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# Agenda: Talking Across Fields

## Friday, January 31, 2020

**9:30am**
**10:25am**
**11:30am**
**2:00pm**
**2:55pm**
**4:00pm**
## Saturday, February 1, 2020

**9:30am**
**10:25am**
**11:30am**
**2:00pm**
**2:55pm**
**4:00pm**
## Sunday, February 2, 2020

**9:30am**
**10:25am**
**11:30am**

Registration check-in and breakfast will be available at 8:45am each day; morning breaks are scheduled for 11:10am and afternoon breaks (Fri/Sat) for 3:40pm. The conference will adjourn for lunch on Friday and Saturday at 12:15pm.

Stephen Stigler (University of Chicago)

"How did the rabbit get into the hat?"

The question of my title is asked every time someone witnesses a certain feat of stage magic, no matter how young or old the witness. Statistical versions of essentially the same question are becoming increasingly rare in the Big Data era, where magical results can make headlines without such questions being raised. Issues arising from this phenomenon will be discussed, including susceptibility to zombie data, whether post-selection inference is really a “thing”, and what some of Persi's earliest work has to tell us related to this issue.

Donald Knuth (Stanford)

"Stratified importance sampling"

I will discuss Pang Chen's method for estimating the size of backtrack search trees, a beautiful technique that deserves to be much better known.

Georgia Benkart (University of Wisconsin-Madison)

"McKay matrices and Markov chains"

Quivers constructed by tensoring modules for finite groups or finite-dimensional Hopf algebras and their adjacency matrices (McKay matrices) can provide results on invariants, chip-firing, and Markov chains. The analysis to determine sharp rates of convergence to stationarity of these chains can be challenging, and the chains may exhibit unexpected phenomena, as in our joint work with Persi, Martin Liebeck, and Pham Tiep.

Jim Pitman (UC Berkeley)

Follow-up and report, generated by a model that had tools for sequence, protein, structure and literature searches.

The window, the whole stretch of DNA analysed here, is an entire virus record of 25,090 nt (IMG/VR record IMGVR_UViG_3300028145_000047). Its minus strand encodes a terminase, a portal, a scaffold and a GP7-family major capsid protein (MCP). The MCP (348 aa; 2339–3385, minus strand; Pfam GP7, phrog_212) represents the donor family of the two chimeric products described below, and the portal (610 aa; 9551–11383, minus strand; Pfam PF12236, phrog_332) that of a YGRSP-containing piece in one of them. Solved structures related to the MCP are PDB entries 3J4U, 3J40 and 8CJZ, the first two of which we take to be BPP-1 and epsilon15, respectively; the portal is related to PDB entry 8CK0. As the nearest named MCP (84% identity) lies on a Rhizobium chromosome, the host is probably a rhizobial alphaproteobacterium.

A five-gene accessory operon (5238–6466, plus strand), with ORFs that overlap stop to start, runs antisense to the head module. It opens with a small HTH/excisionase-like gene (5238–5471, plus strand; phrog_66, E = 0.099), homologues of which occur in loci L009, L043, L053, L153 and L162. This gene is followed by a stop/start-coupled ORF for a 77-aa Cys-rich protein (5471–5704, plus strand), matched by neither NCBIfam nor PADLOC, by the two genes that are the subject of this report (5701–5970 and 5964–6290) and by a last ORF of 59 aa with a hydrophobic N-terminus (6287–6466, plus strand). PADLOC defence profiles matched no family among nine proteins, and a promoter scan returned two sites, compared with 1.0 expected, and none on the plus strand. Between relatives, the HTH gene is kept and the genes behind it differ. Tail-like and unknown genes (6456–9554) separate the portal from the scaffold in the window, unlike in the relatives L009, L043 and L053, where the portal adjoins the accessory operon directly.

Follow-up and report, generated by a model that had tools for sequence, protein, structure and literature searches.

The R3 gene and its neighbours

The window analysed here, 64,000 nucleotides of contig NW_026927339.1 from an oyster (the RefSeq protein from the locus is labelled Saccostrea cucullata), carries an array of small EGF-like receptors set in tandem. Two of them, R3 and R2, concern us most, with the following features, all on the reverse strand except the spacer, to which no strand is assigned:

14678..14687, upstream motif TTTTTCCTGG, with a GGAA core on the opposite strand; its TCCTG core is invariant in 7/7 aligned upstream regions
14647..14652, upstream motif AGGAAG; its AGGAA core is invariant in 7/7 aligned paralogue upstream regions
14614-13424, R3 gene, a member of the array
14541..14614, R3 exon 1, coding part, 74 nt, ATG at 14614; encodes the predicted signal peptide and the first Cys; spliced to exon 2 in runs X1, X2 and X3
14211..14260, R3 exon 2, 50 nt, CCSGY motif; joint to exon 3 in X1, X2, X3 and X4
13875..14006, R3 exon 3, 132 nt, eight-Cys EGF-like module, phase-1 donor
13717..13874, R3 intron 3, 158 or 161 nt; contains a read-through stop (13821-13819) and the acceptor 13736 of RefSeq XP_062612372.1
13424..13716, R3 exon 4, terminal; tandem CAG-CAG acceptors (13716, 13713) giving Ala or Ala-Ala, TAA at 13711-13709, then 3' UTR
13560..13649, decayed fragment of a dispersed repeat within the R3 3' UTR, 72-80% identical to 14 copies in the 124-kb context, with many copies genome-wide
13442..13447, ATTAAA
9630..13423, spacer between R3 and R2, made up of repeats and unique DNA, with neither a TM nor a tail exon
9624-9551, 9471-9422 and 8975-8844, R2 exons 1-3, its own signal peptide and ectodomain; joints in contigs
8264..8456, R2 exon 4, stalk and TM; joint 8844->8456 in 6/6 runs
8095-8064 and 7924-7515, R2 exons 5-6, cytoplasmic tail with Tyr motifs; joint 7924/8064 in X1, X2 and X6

"Probabilistic interpretations of Bernoulli, Stirling and Eulerian numbers"

It is known that the Bernoulli, Stirling and Eulerian numbers are involved in the description of the probability functions, moments and cumulants of various classical probability distributions. These include the binomial, Poisson, geometric and negative binomial, the distribution of a sum of independent uniform variables, both discrete and continuous, and some distributions related to Brownian motion and the Riemann zeta function. I will review some of these relations, which involve a number Persi's favorite topics: excursions of random walks, Fourier analysis, random partitions, cycles and descents of permutations, and stationary one-dependent sequences.

Evita Nestoridi (Princeton)

"Mixing time of the upper triangular matrix walk over $\mathbb{Z}/m \mathbb{Z}$"

In joint work with Allan Sly, we study a natural random walk on the upper triangular matrices, with entries in $\mathbb{Z}/m \mathbb{Z}$, generated by steps which add or subtract a uniformly random row to the row above. We show that the mixing time of this random walk is $O(n^2m^2)$. This generalizes a result of Peres and Sly and answers a question of Stong, Arias-Castro, Diaconis and Stanley. When $m$ is prime, we get a sharper upper bound for the mixing time by using the work of Diaconis and Hough.

Persi Diaconis (Stanford) and Sandy Zabell (Northwestern)

"In praise of J.V. Uspensky"

The two of us have shared a fascination with James Victor Uspensky's book *Introduction to Mathematical Probability* ever since our graduate student days: it contains many interesting results not found in other books on the same subject in the English language, together with many non-trivial examples, all this clearly stated with careful proofs. We would like to present some of Uspensky's gems to a modern audience hoping to tempt people to read Uspensky for themselves, as well as report on some of the other mathematical topics he also wrote on (for example, his book on number theory contains results about perfect shuffles).

Uspensky also had an interesting life: a member of the Russian Academy of Sciences, he spoke at the 1924 ICM in Toronto before fleeing Russia and coming to the US and Stanford. His students included Vinogradov and Kuzmin in Russia, and Carl Olds in the US. Comparatively little has been written about him not in Russian; we hope to remedy this.

Charles Radin (University of Texas at Austin)

"How cereal settles in a shaking box"

Around 1960 Bernal and Scott did experiments on the settling of ball bearings in a large box as the box was shaken, and discovered the curious phenomenon of random close packing. Recent experimental advances on this phenomenon now show that when shaken gently enough, and long enough, the balls spontaneously begin to reorganize into a global crystalline configuration. Theoretical explanation requires the same stochastic reasoning invented by Boltzmann and used to model the freezing of water molecules into crystalline ice. It is here applied to the deterministic evolution of ball bearings (or cereal) in a precisely shaken box. This offers an accessible but physically realistic setting to mathematically study the entry of probability into macroscopic physical laws.

Susan Holmes (Stanford)

"Dependencies and contingencies"